Before going deep into the quantum world, let us see the difference between the analog and digital signal. A Digital signal is a discrete signal that is defined at particular instances of time whereas an analog signal on the other hand is continuous which means that it is defined at all instances of time. But is it so? Is it possible to define them for a period less than 10^-43 seconds or 10^-35 metres of length. The answer is definite NO. Things act weird and wild in the quantum world. This distance, 1.616199 × 10−35 m in precise, is called Planck’s length. It is defined by Max Planck which can be defined from three fundamental constants: the speed of light in a vacuum, Planck's constant, and the gravitational constant. The Planck length is about 10−20 times the diameter of a proton, and thus is exceedingly small, it is considered the smallest length known/possible.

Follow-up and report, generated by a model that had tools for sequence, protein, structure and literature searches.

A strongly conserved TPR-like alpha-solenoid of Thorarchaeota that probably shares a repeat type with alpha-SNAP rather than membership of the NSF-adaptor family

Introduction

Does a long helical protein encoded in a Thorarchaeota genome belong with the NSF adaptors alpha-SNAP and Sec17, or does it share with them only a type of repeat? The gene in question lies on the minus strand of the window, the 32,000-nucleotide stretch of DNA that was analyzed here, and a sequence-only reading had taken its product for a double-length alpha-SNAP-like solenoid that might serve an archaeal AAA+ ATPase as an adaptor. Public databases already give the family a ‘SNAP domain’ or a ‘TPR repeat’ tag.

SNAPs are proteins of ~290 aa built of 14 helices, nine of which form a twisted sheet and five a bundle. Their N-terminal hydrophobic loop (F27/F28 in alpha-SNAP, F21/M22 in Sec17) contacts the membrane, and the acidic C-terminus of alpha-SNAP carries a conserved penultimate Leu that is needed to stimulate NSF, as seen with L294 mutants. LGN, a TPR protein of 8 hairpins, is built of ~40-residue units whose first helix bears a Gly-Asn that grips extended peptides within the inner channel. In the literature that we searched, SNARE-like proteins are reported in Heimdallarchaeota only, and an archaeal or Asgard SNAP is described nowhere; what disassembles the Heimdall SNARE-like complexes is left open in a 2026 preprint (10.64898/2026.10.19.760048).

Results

There is currently no directly proven physical significance of the Planck length; it is, however, a topic of research. Because the Planck length is so many orders of magnitude smaller than any current instrument could possibly measure, there is currently no way of probing this length scale directly. Research on the Planck length is therefore mostly theoretical. According to the generalized uncertainty principle, the Planck length is in principle, within a factor of order unity, the shortest measurable length – and no improvements in measurement instruments could change that.

The Planck length is the square root of the Planck area, which is the area by which a spherical black hole increases when the black hole swallows one bit of information. The Planck length is the length scale at which the structure of space time becomes dominated by quantum effects, and it would become impossible to determine the difference between two locations less than one Planck length apart. The size of the Planck length can be visualized as follows. If a particle or dot about 0.1mm in size (which is at or near the...